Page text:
Washington D.C.

Washington D.C.

Protect valuable property rights in the event of construction defects and the resulting damage to your condominium or townhome project.

Washington D.C.

The purchasers of condo units in DC, and their associations, are protected against structural defects under a statutory warranty provided by the developer under the DC Condo Act, and “structural defects” are broadly defined. The warranty period is two years. That period starts to run as to each unit when that unit is first sold by the developer. It starts to run as to the common areas when the first unit is sold.
While the warranty period is only two years, a claimant has five years from when the warranty period started to run in which to take legal action to enforce the warranty.

The developer of a condo project in DC is also required to post a surety bond in favor of the Mayor for 10% of the cost of construction to ensure compliance with that warranty. While that bond may secure compliance with the developer’s warranty obligation, this isn’t always the case.

The bond amount (10% of the construction costs) may prove to be insufficient to satisfy the claim. Also, the DC Municipal Government will intervene to enforce the surety bond only if the claimant submits a documented claim within that two year warranty period. Hidden defects may not become apparent during that short two year period. As a result, the claimant may not be able to meet the deadline date for submission of a claim under the bond.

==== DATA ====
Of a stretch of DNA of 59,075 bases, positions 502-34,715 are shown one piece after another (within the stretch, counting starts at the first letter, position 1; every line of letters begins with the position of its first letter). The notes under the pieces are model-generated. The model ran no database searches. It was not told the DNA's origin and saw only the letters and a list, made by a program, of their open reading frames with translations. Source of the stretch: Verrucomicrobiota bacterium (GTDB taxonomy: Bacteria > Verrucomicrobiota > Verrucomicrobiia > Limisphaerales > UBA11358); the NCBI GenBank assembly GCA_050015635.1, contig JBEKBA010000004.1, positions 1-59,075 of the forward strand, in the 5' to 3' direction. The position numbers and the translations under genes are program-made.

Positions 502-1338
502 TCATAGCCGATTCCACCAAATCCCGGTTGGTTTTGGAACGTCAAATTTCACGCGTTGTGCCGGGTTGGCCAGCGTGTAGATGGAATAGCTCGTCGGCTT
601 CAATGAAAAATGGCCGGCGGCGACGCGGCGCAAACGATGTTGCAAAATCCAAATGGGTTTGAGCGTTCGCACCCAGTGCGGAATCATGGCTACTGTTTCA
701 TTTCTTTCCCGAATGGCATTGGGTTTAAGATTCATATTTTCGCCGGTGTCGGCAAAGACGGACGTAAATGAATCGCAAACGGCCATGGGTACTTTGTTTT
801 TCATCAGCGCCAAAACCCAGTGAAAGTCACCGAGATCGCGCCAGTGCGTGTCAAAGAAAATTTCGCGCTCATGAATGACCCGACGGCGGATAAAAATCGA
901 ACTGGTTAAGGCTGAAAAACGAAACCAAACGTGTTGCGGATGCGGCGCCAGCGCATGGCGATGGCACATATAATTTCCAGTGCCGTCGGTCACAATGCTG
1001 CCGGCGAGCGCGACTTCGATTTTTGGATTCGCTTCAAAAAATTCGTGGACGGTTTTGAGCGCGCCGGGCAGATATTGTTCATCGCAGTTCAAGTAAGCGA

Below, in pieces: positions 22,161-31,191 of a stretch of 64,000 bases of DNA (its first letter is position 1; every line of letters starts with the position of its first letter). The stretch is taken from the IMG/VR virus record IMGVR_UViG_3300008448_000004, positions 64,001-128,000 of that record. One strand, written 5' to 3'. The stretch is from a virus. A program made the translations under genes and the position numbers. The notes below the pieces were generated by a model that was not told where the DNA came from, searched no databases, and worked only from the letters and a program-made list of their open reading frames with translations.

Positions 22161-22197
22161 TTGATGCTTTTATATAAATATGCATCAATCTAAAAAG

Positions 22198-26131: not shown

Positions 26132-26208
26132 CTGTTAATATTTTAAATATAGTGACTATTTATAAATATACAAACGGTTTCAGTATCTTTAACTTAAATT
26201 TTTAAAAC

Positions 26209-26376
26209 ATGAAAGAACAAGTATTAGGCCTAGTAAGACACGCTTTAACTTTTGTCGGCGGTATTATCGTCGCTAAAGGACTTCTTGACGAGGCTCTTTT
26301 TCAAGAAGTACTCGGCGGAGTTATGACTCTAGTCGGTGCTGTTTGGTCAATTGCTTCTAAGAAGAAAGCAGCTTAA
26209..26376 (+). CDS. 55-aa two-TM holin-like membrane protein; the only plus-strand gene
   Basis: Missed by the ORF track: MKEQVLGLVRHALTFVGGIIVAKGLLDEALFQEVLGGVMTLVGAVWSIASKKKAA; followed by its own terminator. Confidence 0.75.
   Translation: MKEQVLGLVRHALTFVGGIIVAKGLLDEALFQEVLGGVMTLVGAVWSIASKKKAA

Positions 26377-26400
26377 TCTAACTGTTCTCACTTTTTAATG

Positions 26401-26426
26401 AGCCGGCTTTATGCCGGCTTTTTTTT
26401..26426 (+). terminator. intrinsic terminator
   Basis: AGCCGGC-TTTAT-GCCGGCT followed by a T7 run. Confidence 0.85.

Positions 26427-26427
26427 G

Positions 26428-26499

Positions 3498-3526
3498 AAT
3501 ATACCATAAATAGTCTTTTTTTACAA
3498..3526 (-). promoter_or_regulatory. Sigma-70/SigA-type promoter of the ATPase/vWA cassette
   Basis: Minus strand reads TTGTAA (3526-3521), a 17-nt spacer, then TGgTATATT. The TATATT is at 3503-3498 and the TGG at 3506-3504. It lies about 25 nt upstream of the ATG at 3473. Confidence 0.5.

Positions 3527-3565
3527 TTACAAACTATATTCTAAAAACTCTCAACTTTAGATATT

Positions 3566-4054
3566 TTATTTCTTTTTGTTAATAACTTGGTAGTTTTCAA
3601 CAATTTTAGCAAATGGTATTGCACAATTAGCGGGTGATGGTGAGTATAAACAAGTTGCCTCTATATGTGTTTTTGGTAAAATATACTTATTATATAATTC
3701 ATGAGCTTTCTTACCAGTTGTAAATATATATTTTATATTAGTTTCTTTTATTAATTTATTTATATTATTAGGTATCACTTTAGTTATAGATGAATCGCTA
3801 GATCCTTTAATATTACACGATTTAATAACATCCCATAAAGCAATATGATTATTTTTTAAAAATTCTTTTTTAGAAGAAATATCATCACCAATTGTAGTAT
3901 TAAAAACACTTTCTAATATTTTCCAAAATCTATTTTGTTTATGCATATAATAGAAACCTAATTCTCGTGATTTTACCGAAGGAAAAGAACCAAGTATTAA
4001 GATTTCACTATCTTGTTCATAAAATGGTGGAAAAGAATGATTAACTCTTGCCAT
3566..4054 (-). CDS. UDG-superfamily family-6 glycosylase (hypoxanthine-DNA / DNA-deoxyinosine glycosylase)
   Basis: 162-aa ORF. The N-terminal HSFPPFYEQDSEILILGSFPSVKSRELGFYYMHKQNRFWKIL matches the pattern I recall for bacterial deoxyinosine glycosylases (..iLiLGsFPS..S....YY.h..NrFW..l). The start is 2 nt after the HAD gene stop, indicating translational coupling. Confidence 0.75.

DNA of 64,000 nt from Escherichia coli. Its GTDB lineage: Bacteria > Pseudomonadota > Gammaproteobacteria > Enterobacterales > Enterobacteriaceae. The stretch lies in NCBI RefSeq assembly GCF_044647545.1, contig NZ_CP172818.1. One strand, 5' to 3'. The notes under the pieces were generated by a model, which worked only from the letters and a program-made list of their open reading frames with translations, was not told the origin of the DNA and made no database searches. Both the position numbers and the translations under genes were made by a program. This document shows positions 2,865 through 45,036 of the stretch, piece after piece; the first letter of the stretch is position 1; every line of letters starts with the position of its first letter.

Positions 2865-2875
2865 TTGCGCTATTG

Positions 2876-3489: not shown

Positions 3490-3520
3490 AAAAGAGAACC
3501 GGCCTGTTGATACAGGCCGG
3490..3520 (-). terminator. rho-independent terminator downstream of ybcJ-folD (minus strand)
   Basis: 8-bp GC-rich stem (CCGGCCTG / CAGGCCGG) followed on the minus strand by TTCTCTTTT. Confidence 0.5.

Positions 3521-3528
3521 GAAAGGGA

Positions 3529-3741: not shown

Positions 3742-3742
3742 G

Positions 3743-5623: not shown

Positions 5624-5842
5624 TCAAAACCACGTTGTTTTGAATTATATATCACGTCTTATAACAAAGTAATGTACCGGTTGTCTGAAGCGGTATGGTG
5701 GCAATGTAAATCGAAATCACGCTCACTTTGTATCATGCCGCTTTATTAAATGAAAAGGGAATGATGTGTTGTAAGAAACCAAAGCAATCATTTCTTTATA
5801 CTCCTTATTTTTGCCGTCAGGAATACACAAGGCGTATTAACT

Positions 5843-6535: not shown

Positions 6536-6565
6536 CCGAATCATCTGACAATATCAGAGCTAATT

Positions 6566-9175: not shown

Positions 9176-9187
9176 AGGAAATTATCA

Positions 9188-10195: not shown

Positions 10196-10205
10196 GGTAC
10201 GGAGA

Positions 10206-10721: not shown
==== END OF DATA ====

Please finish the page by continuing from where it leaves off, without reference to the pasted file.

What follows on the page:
However, condo owners and their associations are not limited to their statutory warranty rights under the DC Condo Act. They may also have “implied warranty rights” separate from their Condo Act warranty rights. And perhaps of greater significance, they have rights under the DC Consumer Protection Act (“CPA”), especially where the developer fails to disclose defects that should have been apparent to that developer during the course of construction.

Also, a court must make an attorney fee award in favor of a prevailing plaintiff in a CPA action but usually cannot make an attorney fee award in favor of the developer even if the plaintiff fails to win. The risk of a substantial attorney fee award against a developer if the matter goes to trial gives the developer a strong incentive to settle a CPA claim as early in the dispute resolution process as possible.

General Resources

For a brief discussion of your legal rights and how much time you have to exercise them, please refer to Frequently Asked Questions.

If you would like to learn more about the construction defect resolution process, we suggest that you download an Overview of the Survivor’s Guide, which summarizes the board’s duties, construction defects, warranty rights and claims and the role of the attorney.

At no charge to the association, Levin Law Group will:

  1. Meet with your board to discuss the association’s rights and time limits to exercise those rights.
  2. Send a trained consultant to observe any obvious signs of construction related problems at your project.
  3. Provide an online, unit owner’s survey which allows an owner to identify any problems in doors, windows, floors, electrical and mechanical systems, landscaping, etc.